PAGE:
In 1996, MASH was deemed "culturally significant" by the Library of Congress and was selected for preservation in the United States National Film Registry.

This film is number 17 on Bravo's "100 Funniest Movies".

American Film Institute recognition


  1. ^ The Entertainment Weekly Guide to the Greatest Movies Ever Made. New York: Warner Books. 1996. p. 49. 
  2. ^ Film Curator, (NCMA), the North Carolina Museum of Art in Raleigh, North Carolina "Gould and Sutherland had rebelled on the set, convinced that Altman's unstructured directing would destroy their fledgling careers."
  3. ^ Film Curator, (NCMA), the North Carolina Museum of Art in Raleigh, North Carolina. "Between 1957 and 1964 he worked on at least 20 tv shows... fired from most of them for his experimentation with non-linear narrative and overlapping sound."
  4. ^ Film Curator, (NCMA), the North Carolina Museum of Art in Raleigh, North Carolina, quote attributed to Robert Altman
  5. ^ Robert Altman (director commentary). (2002-01-08). M*A*S*H. [DVD]. Twentieth Century Fox Home Entertainment. 
  6. ^ "Enlisted: The Story of M*A*S*H" (making-of documentary), Twentieth Century Fox Home Entertainment, 2001
  7. ^ Robert Altman (director commentary). (2002-01-08). M*A*S*H. [DVD]. Twentieth Century Fox Home Entertainment. Event occurs at 00:03:19. Retrieved 2007-05-15. 
  8. ^ Film Curator, (NCMA), the North Carolina Museum of Art in Raleigh, North Carolina. "There was absolutely no mention of Korea in the movie, and Fox insisted that be fixed. An introductory title and the PA announcements were used..."
  9. ^ Film Curator, (NCMA), the North Carolina Museum of Art in Raleigh, North Carolina. "An introductory title and the PA announcements were used to clarify that this was certainly -not- the current Asian war, Vietnam."
  10. ^
  11. ^ "Festival de Cannes: MASH". Retrieved 2009-04-10. 

External links


Up to date as of January 14, 2010

From Wikiquote

MASH is a 1970 film about the surgeons stationed in a M*A*S*H unit during the Korean war.

Directed by Robert Altman. Screenplay by Ring Lardner Jr., based on the book by Richard Hooker.
M*A*S*H .



  • Frank, were you on this religious kick at home, or did you crack up over here?
  • Oh come off it, MAJOR! You put me right off my fresh fried lobster, do you realize that? I'm going to go back to my bed, I'm going to put away the best part of a bottle of scotch... and under normal circumstances, you being normally what I would call a very attractive woman, I would have invited you back to share my little bed with me, and you might possibly have come. But you really put me off. I mean you're what we call a regular army clown.
  • Baby we're gonna see some stitching like you never saw before.
  • [Trying to convince Lt. Dish to sleep with Painless.] You have the rare privilege that happens on certain occasions to chief executives of states or nations. You have the privilege of restoring a human being's life by a tender act of mercy.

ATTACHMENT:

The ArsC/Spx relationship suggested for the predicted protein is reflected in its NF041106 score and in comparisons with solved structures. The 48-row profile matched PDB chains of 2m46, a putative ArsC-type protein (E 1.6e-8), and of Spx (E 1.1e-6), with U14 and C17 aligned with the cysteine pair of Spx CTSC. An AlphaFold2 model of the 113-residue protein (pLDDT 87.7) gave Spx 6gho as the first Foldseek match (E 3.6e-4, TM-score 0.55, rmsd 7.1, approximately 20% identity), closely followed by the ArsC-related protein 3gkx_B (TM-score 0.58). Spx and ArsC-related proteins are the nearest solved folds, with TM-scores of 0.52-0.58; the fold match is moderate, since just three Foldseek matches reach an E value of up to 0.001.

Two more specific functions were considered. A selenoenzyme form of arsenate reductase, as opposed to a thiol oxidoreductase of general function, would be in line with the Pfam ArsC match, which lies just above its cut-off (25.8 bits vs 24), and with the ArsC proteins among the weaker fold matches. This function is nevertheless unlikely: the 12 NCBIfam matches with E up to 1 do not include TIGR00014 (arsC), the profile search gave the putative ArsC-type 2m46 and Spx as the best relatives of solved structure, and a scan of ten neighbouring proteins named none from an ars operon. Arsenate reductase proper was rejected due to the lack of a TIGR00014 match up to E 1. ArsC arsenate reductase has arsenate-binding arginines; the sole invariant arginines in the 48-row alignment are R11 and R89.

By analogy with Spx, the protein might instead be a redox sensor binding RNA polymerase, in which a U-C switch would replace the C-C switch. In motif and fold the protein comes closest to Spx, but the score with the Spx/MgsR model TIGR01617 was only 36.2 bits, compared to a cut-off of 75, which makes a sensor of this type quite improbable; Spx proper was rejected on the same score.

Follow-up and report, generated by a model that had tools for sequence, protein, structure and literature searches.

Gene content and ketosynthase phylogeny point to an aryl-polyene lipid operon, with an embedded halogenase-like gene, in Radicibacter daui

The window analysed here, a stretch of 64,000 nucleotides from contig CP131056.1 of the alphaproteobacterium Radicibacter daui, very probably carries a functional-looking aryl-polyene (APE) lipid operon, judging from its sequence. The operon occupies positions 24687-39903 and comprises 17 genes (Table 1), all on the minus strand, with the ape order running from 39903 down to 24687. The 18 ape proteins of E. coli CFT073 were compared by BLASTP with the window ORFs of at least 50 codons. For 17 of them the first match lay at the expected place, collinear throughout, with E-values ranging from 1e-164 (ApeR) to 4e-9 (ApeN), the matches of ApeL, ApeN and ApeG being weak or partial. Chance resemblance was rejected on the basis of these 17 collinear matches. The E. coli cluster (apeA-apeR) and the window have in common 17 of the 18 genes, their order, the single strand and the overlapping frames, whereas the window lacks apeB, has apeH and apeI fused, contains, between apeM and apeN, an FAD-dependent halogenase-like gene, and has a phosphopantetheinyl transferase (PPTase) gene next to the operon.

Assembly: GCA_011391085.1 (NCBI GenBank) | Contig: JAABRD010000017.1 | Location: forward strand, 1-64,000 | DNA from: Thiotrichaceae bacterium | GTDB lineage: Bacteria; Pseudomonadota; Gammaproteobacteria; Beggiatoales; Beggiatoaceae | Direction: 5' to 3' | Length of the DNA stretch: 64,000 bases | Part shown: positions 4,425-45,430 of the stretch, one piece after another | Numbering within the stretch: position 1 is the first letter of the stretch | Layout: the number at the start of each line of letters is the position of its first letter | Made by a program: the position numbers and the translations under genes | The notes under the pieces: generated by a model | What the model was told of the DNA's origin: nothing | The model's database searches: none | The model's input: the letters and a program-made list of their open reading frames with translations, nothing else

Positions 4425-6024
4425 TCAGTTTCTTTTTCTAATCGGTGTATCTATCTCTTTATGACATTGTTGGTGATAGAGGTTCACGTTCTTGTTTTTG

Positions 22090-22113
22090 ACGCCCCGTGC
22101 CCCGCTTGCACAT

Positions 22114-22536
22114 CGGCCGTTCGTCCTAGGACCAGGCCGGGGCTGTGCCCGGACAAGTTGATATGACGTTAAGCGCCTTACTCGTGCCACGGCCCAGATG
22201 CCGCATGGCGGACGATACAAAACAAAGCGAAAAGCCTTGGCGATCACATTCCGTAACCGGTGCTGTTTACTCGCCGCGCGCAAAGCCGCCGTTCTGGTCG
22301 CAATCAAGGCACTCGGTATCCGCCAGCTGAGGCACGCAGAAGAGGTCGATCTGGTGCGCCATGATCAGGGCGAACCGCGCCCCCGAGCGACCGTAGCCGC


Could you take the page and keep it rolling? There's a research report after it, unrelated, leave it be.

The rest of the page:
• Let's give him a sexy scar, huh? Fantastic
  • Who am I? I am the pro from Dover, and this [Indicates Trapper John] is my favorite caddy.

Trapper John

  • It's a good thing you have a nice body, nurse, otherwise they'd get rid of you quick.
  • No. No food. Sex. I want sex. Bring me some sex. [The others call for Storch, but Trapper John points at Hot-Lips] No, no, no, that one. Bring me that one over there. That one. The sultry bitch with the fire in her eyes. Take her clothes off! I want that one, yes. Take her clothes off and bring her to me now.
  • [As a helicopter attempts to land on the helipad where they are standing] I wish they wouldn't land those things here while we're playing golf.
  • Well, you know, Man o' War, after they retired him from racing, they put him out to stud. And he had, on an average, uh about a hundred and twenty, a hundred and thirty foals every year. And he lived to be thirty-six. And then when he died, they did an autopsy, and they found out that he was a raving queen.


  • Oh, now damn it, Henry. Frank Burns is a menace! Every time a patient croaks on him, he says it's God's will or somebody else's fault.
  • [Watching as Frank Burns leaves] Fair is fair, Henry. If I nail Hot Lips and punch Hawkeye, can I go home?
  • Take care of the squirrels.


  • If a man isn't a man anymore… what's he got left that he should be living for?
  • I'm a fairy. A victim of latent homosexuality. I've turned into a fairy.
  • [During football game] All right bud, your fucking head is coming right off!

Hot Lips

  • [Proudly] I like to think of the army as my home!
  • Oh, Frank, my lips are hot! Kiss my hot lips!
  • [In the middle of sex] Oh, Frank, strangle me!
  • This isn't a hospital, it's an insane asylum!

Col. Blake

  • Ever since the dark days before Pearl Harbor, I have been proud to wear this uniform.
  • Alright men, we're not here to sell lemonade, we're here to practice!
  • How do ya like them apples, Charlie?
  • God damnit Hot Lips, Resign your goddamn commission!


  • Ho-Jon: Hawkeye? Duke say you better haul ass home quick. We got new chest cutter in our tent.
  • P.A. Announcement: Attention. Captain Banning - er, Captain Bandini. [Exhales forcefully] Attention. Captain Bandini is now performing a femoral pop-- a popli-- a p-- a femoral P-O-P-L-I-T-E-R-A-L artery expli - exp - - exploration and possible graft.
  • Capt. Murrhardt: Painless is a dentist, and a dentist shouldn't read. That's his whole problem.
  • Capt. Bandini: Something in a marshmallow?
  • Cpl. Judson: [Sung for Painless] Suicide is painless / it brings on many changes / and I can take or leave it / if I please


Hawkeye: Nurse, you got a clamp?
Lt. Dish: Yes.
Hawkeye: Scratch my nose.